I’ve heard from several sources that John White is worried (freaked out) by some Freedom of Information requests that were made about VAM. Well there is a lot to be frightened of apparently:

It’s interesting to read that John White appears willing to hold off implementing Compass (that new teacher evaluation system) for one year…just about exactly one year after educators around the state begged him to do exactly that. He knows the entire program is, in a nutshell, a clusterf**k. He knows the two data systems involved may not work together; one of them is not even completed. He knows his district support office (the one that was just approved…months after being created…. and after the guy running it for five months left. provides little to no support, while ‘toolboxing’ around the state in rental cars, collecting mileage and per diems. He knows that schools have been given precious few resources and little guidance, and no definite answers. He knows the ‘new and improved’ LouisianaBelieves website leads teachers on an endless loop of 404-file not found error messages, dead links, outdated or “coming soon” information.

In case some of you were not keeping up, John White scrapped the former department of education website in favor of what has been called a childish, useless crayon inspired endeavor that contains nothing useful except pictures of John White handing out big checks to school districts with his sleeves rolled up. As impressive as that sight is to the John White fan club, most of us are not members, and what he has done offends us.

When I was at DOE we used to website as an archive of useful information and reports which we could direct internal staff, school district personnel, parents and other stakeholders to.  Now the site is universally understood to be a useless mess.  I suppose in a way that makes sense. John White has a god complex and he’s crafted the new department website in his own image.

John White doesn’t want people keeping track of what’s going on, so he scrapped the old site but “we in the know” are doing our level best to keep you informed. White can’t continue to lie to us, sell our children, humiliate our teachers, defund our Special Education students, dazzle us with VAM BS, and ignore both the legislature and BESE. . .  unless you let him. I and my brave colleagues have done their part, now it’s time for some of you to do yours.

No matter what John White names his website, Louisiana doesn’t have to believe anymore.  Reject John White and his bankrupt policies and send him packing.  We deserve better.  Our children deserve better than having to put up with this.

Why I fight, and why you should too

Why I fight, and why you should too

I recently received a comment on my blog that struck a chord. . . and triggered a memory of who I used to be and who I am.  It addresses a number of questions people ask me about my own feelings on a wide range of issues, and I found it both focusing and inspirational and thought I would share it with you.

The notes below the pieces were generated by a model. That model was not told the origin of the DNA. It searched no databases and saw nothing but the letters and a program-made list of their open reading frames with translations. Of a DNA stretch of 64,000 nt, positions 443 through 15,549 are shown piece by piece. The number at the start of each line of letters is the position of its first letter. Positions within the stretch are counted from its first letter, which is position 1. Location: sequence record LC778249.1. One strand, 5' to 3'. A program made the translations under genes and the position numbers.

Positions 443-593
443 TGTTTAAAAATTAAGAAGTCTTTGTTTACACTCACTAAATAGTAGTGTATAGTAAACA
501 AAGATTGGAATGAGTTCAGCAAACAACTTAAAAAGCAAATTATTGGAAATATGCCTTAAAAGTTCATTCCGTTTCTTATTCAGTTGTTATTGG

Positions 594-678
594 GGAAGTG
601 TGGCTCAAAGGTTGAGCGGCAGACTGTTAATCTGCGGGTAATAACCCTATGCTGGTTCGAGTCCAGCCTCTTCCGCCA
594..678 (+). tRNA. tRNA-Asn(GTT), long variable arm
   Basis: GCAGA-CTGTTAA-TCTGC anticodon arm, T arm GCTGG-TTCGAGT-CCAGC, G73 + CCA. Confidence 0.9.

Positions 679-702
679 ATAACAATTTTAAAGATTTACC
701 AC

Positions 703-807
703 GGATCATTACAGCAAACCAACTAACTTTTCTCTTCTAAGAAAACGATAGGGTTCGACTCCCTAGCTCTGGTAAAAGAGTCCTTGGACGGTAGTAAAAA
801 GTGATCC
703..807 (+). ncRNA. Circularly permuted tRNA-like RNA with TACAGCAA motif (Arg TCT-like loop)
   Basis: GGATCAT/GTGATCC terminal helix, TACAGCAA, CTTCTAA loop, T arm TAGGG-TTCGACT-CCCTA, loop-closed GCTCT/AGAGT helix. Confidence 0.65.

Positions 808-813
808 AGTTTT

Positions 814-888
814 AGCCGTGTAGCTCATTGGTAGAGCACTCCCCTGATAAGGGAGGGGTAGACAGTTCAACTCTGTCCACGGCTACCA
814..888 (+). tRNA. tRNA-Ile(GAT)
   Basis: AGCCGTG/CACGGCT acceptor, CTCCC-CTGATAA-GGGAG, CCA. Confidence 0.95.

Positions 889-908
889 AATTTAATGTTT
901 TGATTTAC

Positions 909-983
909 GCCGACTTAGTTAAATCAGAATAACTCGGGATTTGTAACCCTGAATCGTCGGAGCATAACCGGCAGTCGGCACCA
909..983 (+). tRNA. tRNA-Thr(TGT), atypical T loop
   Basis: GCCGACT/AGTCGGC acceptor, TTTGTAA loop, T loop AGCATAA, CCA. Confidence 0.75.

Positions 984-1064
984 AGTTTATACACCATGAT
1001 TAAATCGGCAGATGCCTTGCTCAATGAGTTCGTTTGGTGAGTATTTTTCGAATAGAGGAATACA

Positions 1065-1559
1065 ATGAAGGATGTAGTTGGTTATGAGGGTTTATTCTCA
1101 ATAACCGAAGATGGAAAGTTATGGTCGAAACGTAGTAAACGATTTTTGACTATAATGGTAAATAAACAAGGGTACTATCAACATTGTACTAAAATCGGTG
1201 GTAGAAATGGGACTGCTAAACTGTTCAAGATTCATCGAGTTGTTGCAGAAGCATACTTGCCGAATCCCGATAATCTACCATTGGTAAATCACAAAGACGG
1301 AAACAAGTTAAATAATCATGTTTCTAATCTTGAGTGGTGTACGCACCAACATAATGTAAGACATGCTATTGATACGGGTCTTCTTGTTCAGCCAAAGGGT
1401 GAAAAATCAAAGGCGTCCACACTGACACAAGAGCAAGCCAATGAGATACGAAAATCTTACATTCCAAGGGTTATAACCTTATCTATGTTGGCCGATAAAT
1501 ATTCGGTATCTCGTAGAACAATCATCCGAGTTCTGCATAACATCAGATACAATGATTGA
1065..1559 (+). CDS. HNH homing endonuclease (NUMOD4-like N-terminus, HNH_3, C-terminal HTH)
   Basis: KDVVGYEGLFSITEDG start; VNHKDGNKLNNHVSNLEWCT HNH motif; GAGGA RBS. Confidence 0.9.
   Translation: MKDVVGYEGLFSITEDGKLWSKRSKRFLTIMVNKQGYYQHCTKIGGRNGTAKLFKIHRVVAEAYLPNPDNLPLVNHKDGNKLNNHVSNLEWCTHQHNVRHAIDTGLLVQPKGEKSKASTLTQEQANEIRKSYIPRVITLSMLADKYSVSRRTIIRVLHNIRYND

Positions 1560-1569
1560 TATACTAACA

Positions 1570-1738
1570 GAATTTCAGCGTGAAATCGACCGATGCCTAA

Let me just say that I’m not a teacher, and my kids are only now starting going to public schools. While I did work for the Louisiana Department of Education until recently, that was in the data department and my only role dealing with children’s issues directly was ain an advisory position on a student discipline adversary panel. So I understand why people ask me:

“Why do you care so much? Why do you fight, for teachers, for other people’s kids? You’re not a teacher and you could afford non-public school for your kids.” (Most white middle class families living in Baton Rouge go that route.) “You could afford to move to a wealthier school district with kids and families just like yours. (If they don’t go the former route most take this one.) “Why do you stay in a school district that lags many in the state when there are top notch ones in parishes within commuting distance of your work?”

Well I usually come up with simple arguments I feel can relate to the person asking me the question. Really what I want to say is “if you have to ask the question you wouldn’t understand the answer,” but that seems like an overly clichéd copout, it wouldn’t win me any converts to my actual viewpoint, and it would do nothing to endear me to the friends and relatives asking. However, one of my reader’s shows why all of us should care about public education and our experienced public educators in particular. He shows the reality Reformers try to conceal with data, averages and misleading research. He shows what is being done to destroy hope of so many children and teachers under the guise of helping them.